What is Cognitive Science
Dialogic Discourse in Science Classrooms: Discerning & Facilitating
Richard A. Duschl
Thursday, October 21, 2004, 12:00pm - 07:00pm
Rutgers University, Graduate School of Education
At the heart of any engagement in things scientific, is�developing a sense of what comes to count as evidence.� Evidence to support an explanation and/or evidence to put forth a persuasive argument.� My presentation will review several of my studies examining middle school level students (ages 10-13) argumentation and discourse processes in science.� I will begin with a review of various frameworks (e.g., Toulmin's Argumentation Pattern, Walton's Schemes for Presumptive Reasoning) used to analyze students' discourse.� Next, I will review philosophy of science and cognitive science perspectives that when applied to the design of curriculum instruction and assessment models can guide and support the development of epistemic communities in science classrooms.� Then, two studies examining students' dialogic discourse will be presented.� The focus of the research and presenation is to examine ways for defining and attaining epistemic goals in precollege science programs.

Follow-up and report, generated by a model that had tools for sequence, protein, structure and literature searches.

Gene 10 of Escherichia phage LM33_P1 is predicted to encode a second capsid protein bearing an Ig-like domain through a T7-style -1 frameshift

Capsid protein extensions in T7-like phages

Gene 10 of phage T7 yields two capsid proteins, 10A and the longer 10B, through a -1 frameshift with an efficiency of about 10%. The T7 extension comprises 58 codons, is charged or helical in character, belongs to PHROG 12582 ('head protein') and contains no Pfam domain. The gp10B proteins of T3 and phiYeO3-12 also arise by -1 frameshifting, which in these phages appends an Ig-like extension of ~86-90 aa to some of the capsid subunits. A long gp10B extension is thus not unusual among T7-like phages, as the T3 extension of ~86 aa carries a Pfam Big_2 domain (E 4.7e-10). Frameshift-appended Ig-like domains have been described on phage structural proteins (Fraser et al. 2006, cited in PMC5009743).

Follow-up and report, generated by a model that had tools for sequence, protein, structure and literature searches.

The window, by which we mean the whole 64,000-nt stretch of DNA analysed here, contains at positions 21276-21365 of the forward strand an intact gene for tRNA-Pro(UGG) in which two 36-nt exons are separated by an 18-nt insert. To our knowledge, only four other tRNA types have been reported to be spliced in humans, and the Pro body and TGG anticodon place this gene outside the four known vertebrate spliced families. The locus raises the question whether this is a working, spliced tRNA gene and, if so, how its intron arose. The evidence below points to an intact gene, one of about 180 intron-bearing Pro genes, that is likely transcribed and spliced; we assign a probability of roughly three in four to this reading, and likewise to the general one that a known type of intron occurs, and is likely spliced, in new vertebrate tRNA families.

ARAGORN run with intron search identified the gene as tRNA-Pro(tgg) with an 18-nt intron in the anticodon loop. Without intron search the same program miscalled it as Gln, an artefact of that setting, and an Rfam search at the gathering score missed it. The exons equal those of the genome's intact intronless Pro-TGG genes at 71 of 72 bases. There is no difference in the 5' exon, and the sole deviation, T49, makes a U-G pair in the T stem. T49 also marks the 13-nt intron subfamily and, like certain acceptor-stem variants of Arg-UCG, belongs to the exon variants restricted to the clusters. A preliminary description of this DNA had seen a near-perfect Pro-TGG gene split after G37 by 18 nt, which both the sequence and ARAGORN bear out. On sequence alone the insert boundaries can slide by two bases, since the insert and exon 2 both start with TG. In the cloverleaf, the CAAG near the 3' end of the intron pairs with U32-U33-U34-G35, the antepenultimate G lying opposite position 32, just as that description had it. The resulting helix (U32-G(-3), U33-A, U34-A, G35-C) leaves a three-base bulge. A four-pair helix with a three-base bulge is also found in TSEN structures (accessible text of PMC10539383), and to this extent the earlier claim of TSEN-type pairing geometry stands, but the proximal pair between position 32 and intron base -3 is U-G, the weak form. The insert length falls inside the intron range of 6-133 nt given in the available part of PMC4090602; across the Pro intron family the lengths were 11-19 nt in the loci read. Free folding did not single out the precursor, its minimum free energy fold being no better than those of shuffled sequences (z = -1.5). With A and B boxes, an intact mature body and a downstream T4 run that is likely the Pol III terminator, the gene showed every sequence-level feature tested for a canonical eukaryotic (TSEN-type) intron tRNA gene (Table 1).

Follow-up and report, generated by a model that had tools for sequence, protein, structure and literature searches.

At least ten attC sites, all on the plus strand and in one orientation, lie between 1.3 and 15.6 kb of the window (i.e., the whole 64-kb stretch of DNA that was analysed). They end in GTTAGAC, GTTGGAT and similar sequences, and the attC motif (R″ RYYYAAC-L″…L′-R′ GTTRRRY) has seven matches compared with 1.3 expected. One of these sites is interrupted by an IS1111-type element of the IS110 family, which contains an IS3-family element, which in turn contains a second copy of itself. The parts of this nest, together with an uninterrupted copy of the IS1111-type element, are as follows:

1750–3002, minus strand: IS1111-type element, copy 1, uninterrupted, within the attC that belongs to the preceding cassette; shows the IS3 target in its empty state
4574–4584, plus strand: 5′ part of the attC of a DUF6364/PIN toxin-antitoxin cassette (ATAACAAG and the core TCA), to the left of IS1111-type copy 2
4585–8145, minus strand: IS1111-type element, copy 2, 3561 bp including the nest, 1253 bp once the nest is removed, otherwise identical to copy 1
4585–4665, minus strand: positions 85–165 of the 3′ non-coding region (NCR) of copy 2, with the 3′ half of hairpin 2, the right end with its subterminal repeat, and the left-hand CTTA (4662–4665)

"What is Cognitive Science?"
This lunchtime talks series is designed to introduce the University community to issues in Cognitive Science. Cognitive Science is one the the few fields where modern developments in computer science and artificial intelligence promise to shed light on classical problems in psychology and the philosophy of the mind. Ancient questions of how we see the world, understand language, and reason, and questions such as 'how a material system can know about the outside world', are being explored with the powerful new conceptual prosthetics of computer modeling.
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